I have been implored on numerous occasions that I consider blogging about my life and work. I was hesitant to do so, because I wondered what I had to say. I needed to wrestle with the fact that I have a voice, that what I know is useful and adds value, and that I have experienced events, feelings, and thoughts that others will also experience and possibly even find useful or comforting. There is something of value that comes with shared experiences. It is a bond, a connection that happens, whether a person has known someone for a lifetime or just a moment, shared experience and the knowledge that another person has felt the same way gives comfort, gives understanding, and reminds us that we are not alone.
My desire for this blog moving forward is to provide information, whether personal or passed along from another source, that might be of some use, impart a sense of peace, or a way for you to examine aspects of your life that you might be able to pass along to others or make a connection to. With that said, I would like to share just a bit of why I do what I do, and what lead me there.
I played soccer starting at the age of 4, following in my brothers’ footsteps. As I got older, I found myself loving the sport so much, and seeing the value in it from many perspectives (intellectually, physically, interpersonally). I had a series of coaches from when I was in high school through college that challenged me at a high level to be intentional with my actions. Their challenge was not to move unless I knew where I was going, not to pass unless I was sure where the ball was going, and not to just play, but step onto the field with passion and purpose.
After college I moved to Colorado from Oregon, and I landed a job with an outdoor education nonprofit. Their specialty was experiential education. Learning by doing, then reflecting on the doing, and then doing something about it. I realized how much I loved this process. I loved seeing people pause, stop to look around, and have these “ah-ha” moments because of powerful questions I would ask and challenge them to reflect upon for further insight and movement. Much of coaching encompasses this concept.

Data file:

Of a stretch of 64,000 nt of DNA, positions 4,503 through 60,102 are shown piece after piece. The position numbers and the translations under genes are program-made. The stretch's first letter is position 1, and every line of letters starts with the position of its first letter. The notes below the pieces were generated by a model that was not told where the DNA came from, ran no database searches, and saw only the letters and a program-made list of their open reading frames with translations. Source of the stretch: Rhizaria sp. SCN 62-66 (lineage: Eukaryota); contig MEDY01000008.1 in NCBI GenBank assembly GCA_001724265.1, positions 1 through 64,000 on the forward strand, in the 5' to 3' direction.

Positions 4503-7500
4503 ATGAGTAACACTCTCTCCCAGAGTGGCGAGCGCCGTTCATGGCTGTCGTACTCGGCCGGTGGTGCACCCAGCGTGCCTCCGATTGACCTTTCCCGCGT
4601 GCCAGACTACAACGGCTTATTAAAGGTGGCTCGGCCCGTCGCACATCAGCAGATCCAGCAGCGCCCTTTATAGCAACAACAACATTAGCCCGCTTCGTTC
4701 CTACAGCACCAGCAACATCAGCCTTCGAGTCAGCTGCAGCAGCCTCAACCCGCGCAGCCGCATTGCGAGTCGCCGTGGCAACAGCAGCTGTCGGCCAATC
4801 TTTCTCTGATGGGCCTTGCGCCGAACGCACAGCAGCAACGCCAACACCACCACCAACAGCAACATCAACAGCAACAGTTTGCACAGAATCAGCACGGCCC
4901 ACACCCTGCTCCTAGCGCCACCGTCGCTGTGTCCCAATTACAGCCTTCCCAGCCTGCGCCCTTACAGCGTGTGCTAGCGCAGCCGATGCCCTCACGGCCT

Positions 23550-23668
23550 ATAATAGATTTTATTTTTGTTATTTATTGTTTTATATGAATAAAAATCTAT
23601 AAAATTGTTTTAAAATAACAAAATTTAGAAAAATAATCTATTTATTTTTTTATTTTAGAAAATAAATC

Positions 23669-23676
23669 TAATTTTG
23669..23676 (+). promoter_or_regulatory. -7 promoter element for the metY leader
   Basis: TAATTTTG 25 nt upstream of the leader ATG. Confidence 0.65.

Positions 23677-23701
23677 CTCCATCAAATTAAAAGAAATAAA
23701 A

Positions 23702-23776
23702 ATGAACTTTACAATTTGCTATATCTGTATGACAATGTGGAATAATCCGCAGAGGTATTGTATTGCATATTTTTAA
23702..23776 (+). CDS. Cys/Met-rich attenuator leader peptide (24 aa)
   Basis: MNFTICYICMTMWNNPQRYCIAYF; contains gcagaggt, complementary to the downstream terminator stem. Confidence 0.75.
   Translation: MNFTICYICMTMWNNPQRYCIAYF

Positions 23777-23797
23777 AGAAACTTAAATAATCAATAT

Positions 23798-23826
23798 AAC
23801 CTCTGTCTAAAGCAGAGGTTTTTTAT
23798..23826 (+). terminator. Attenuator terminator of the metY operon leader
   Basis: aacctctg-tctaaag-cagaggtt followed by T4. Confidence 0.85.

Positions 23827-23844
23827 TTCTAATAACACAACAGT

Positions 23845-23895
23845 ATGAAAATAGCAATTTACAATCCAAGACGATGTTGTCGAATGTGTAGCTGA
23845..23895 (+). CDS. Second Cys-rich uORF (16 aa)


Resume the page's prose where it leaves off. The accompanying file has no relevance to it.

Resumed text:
Four and a half years into my time living in Denver, I made a career change. My musically talented brother and sister in law just had an adorable little girl and were in need of a traveling nanny to come with them on the road. They asked me if I would do the honors, and with some initial hesitation, I decided to take the leap into the unknown and leave my comfortable life in Denver, for a season of constant change and movement.
Less than a week into my new job, a family crisis arose. My oldest brother was diagnosed with stage 4 colo-rectal cancer. The next 11 months included a hard fought battle for my brother that he eventually lost. Through that experience, I gained a wealth of knowledge, compassion, capacity to love those who are hurting and in pain, and the ability to function in a time of crisis. I also learned how to receive. I learned how to say no, to ask for help, to just sit and be. I’m still learning how to grieve, and how that looks different at different times. I would say I am more comfortable talking about death now, and more comfortable just sitting in silence as well.
The past three years have been an incredible season of growth for me, and out of that was born my passion for Life Coaching. A ripple effect from my experience with being intentional in the athletic arena, being reflective and aware in the outdoor education realm, and experience tragedy personally, I have a passion to see individuals find their purpose, live their lives with intention, and love the life they live.
I would love to have a conversation with you if any of this hits home, or if you’re interested more in the process of Life Coaching. It is my passion, my vocation, and the thing that I know I am made to do!
I’m so proud of you for starting your coaching blog, Jes. I’m looking forward to reading more of your insights about life and the wisdom you’ve gleaned through your experiences and your walk with the Lord.
Having more experience with family and friends who grieve “privately,” I’m impressed with the way the Heller family grieves externally and teaches the rest of us that, because life brings tragedy, grieving is a “normal” part of life and nothing to hide.
Love to read about your journey Jess… you are a true inspiration.. much love and blessings on your journey futher on… keep up the goooood work…love from Denmark
Thanks so much, Kristina!